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Exploring Your Social Security Income Statement

Exploring Your Social Security Income Statement

The easiest way to take a look at your Social Security Income Statement is to register for a my Social Security online account. You’ll find a variety of information available about the program and your current or future benefits without the hassle of visiting your local Social Security office or waiting in a telephone queue to speak to a representative.

Your Social Security Income Statement offers a summary of your work history to date and the financial implications of your earnings record. It also shows you possible benefits for which you and your family may be eligible, including retirement, disability and survivor’s benefits.

The Statement, also known as from SSA-1099 (or form SSA-1042S if you are a non-resident alien), is actually a tax form that the Social Security Administration (SSA) mails in January each year to people who currently receive Social Security benefits of some kind. The SSA will also mail paper statements to working Americans who are at least sixty-years-old three months before their birthday if they have not yet set up an online account.

Form SSA-1099 shows the total amount of money that you have received in Social Security benefits from the previous year so that you know how much Social Security income you will need to report on your income tax return.

Form SSA-1099 is not available for people who receive Supplemental Security Income (SSI) benefits. If you receive SSI benefits, you have reporting obligations to SSA because the program is needs-based, and you will no longer be eligible for benefits if your income exceeds specific yearly thresholds.

SSI beneficiaries must report wages or any other assistance or money that they, their spouses, or their children living in the same household receive. If you are a representative payee for someone receiving SSI benefits, the same rules apply. When it comes to assistance received, you need to tell SSA the type and amounts of assistance, how often payments are received, and when those payments begin, end, or change.

You may be confused by the fact that SSI beneficiaries must report earned wages to SSA because, in order to receive SSI benefits in the first place, you must meet SSA’s definition of disabled. But the SSA has developed a Ticket to Work program that allows SSI beneficiaries move toward financial independence by giving them resources to perform some kind of work and career development. The program provides SSI beneficiaries the support and services they need to succeed at a job, and it is free and voluntary for anyone who would like to take advantage of it.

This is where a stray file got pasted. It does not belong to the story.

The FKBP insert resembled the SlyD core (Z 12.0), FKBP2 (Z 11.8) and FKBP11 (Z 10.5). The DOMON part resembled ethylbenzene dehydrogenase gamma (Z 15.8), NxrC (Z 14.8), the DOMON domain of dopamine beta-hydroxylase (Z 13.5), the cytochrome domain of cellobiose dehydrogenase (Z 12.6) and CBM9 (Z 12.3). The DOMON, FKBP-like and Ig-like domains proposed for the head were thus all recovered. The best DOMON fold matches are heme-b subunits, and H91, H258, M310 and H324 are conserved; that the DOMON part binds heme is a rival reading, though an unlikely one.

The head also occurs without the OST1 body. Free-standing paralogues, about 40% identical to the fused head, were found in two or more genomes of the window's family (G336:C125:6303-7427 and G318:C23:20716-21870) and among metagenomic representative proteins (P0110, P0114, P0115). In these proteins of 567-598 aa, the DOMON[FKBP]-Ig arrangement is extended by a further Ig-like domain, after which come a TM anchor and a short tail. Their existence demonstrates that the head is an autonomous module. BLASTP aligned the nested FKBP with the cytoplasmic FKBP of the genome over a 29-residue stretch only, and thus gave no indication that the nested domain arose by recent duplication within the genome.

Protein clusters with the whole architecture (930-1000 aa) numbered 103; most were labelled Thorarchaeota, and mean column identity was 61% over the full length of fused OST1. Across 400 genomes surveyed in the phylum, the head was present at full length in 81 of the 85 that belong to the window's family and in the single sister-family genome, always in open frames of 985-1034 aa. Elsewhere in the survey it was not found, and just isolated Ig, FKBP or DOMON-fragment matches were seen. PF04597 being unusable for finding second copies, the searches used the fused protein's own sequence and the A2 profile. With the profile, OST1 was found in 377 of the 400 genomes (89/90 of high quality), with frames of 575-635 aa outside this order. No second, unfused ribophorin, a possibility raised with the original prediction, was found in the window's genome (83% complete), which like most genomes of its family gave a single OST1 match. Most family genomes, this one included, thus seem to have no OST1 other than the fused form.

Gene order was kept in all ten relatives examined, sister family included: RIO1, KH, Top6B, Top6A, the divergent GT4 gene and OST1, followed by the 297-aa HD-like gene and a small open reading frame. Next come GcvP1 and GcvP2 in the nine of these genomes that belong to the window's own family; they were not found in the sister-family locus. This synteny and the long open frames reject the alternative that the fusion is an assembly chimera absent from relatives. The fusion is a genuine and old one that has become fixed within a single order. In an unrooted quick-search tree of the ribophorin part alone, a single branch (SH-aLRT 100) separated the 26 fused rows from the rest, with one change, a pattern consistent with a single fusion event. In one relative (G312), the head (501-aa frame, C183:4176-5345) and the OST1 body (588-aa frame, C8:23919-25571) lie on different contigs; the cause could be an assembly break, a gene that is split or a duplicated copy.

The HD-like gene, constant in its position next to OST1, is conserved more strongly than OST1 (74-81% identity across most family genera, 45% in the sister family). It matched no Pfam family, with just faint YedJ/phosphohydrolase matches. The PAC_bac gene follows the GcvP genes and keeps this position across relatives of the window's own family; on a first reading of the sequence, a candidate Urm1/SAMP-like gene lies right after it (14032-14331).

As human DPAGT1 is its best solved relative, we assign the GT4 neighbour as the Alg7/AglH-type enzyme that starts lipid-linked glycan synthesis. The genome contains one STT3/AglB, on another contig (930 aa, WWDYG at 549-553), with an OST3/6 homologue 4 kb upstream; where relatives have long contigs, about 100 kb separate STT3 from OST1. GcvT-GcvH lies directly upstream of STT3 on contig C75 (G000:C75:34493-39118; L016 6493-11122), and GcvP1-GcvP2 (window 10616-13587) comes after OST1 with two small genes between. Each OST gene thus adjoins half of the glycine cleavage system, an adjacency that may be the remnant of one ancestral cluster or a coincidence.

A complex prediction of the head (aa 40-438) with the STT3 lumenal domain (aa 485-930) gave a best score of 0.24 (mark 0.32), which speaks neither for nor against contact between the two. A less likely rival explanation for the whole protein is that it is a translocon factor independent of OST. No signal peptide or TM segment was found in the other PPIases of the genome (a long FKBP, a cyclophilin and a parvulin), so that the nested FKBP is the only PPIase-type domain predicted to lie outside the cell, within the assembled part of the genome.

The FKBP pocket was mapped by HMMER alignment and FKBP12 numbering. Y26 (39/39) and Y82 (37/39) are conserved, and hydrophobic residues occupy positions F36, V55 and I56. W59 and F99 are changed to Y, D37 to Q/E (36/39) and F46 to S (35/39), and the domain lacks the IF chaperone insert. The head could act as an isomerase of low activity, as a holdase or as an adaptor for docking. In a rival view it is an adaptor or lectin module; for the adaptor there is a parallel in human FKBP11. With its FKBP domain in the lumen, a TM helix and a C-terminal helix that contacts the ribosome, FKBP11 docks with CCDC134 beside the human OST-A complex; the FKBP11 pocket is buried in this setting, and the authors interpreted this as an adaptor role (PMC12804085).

What does SSA expect you to report? They expect information regarding whether you worked, how much you earned if you worked, when the work started, when the work ended (if applicable), and any changes to the amount you were paid. You need to report your wages regularly within six days of the end of the month in which you earned income. To assist you with reporting, save bank statements, pay stubs, and pay records to verify your earnings if you are asked for more information in the future.

How does SSA want you to report this income? You can bring pay stubs to your local SSA office or mail them, but if you choose to mail them, considering sending them via certified mail so that you can ensure your information is protected and that it arrives on time. The easiest and most convenient way to report is through SSA’s app or their website.

For anyone who works in the United States, regardless of whether you are receiving SSI benefits, you should get in the habit of checking your earnings record every year to make sure that your information has been reported accurately, and if there are problems, you can contact SSA to correct them immediately.